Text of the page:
Lawyer replacement by robots may not be as imminent as previously thought, following a paper released by two leading academics.
University of North Carolina School of Law’s Dana Remus and MIT economist Frank Levy analysed lawyer’s jobs to determine how many could be automated, coming to the conclusion that it isn’t many.
Their paper, ‘Can Robots Be Lawyers?’, found that typical lawyer activities fall within a branch of human behaviour that is difficult to codify, even with current e-discovery software reliant on major input from human members of the legal profession, Legal Cheek reported.
“We estimate that automation has an impact on the demand for lawyers’ time that while measureable, is far less significant than popular accounts suggest,” the report said.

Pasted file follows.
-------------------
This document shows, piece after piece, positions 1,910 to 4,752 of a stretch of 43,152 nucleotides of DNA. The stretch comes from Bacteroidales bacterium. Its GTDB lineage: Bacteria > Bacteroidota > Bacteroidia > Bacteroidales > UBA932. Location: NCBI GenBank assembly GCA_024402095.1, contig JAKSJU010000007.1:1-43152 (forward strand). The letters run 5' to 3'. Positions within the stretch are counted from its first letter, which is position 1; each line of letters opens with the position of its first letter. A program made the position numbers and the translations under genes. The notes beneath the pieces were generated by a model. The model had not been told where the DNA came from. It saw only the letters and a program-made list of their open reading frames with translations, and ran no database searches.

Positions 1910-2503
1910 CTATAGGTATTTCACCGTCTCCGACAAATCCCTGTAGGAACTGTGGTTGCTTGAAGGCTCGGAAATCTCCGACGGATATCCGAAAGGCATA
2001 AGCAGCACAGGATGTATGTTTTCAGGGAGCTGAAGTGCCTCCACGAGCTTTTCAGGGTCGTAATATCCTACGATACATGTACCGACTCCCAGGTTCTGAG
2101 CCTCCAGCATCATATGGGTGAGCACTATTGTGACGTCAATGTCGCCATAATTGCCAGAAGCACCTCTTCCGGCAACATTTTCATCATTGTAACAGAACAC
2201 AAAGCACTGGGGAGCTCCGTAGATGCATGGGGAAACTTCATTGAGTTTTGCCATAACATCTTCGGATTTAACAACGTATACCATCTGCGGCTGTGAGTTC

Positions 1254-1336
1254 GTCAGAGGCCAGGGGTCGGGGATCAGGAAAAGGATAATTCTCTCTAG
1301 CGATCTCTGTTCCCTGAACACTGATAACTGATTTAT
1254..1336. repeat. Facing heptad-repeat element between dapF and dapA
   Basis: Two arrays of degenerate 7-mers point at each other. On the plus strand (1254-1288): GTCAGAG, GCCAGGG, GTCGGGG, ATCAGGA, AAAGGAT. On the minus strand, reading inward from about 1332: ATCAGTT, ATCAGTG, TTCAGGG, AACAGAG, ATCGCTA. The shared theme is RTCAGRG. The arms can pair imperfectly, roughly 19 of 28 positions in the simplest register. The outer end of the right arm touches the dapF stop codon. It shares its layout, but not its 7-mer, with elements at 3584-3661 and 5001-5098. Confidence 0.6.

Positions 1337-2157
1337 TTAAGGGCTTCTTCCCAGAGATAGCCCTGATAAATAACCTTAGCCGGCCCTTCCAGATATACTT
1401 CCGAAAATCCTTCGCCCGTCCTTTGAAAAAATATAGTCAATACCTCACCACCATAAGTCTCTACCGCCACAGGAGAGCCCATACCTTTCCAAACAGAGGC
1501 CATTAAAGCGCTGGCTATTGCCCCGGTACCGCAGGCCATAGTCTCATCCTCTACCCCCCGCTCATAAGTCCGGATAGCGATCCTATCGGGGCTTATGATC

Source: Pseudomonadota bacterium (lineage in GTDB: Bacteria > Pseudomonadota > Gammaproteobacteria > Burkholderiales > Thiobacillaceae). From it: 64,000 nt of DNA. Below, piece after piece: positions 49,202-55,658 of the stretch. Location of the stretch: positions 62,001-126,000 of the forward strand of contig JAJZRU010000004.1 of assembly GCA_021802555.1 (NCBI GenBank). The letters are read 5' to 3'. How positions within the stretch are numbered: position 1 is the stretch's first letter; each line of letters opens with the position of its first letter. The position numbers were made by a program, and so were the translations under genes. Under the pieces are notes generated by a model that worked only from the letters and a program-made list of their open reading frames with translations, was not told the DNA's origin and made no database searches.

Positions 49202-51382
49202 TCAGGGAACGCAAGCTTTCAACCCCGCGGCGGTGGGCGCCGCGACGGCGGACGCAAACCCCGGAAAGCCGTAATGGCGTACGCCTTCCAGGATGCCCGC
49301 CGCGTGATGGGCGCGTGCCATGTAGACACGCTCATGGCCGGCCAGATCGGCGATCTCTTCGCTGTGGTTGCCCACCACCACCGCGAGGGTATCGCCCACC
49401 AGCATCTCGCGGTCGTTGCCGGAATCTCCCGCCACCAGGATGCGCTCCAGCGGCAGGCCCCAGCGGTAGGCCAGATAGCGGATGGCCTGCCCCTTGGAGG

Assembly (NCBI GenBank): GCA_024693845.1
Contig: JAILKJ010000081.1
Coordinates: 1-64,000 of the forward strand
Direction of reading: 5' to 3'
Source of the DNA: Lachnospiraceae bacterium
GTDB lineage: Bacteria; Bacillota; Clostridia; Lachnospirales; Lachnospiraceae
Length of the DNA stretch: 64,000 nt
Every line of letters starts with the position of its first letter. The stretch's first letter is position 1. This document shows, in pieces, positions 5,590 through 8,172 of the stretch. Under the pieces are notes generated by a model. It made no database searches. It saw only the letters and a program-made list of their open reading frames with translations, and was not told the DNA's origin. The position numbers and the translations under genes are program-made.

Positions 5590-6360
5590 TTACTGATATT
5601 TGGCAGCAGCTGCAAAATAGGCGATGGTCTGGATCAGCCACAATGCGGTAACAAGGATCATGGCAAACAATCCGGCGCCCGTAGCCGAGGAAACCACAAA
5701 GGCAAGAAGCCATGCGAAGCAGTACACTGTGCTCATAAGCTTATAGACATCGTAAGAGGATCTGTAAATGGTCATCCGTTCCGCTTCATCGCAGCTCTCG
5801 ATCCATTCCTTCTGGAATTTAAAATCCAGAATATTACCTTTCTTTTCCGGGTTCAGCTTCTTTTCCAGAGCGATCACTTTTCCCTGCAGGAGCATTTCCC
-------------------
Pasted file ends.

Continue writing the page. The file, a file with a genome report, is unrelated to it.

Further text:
“The existing literature’s narrow focus on employment effects should be broadened to include the many ways in which computers are changing (as opposed to replacing) the work of lawyers.
“We show that the relevant evaluative and normative inquiries must begin with the ways in which computers perform various lawyering tasks differently than humans. These differences inform the desirability of automating various aspects of legal practice, while also shedding light on the core values of legal professionalism.”
The report estimates that only 13 per cent of all legal work is the type of grunt work that could be automated. On top of this, Remus and Levy argue that the pace of automation is very slow and that the small fraction of tasks will take a number of years to automate.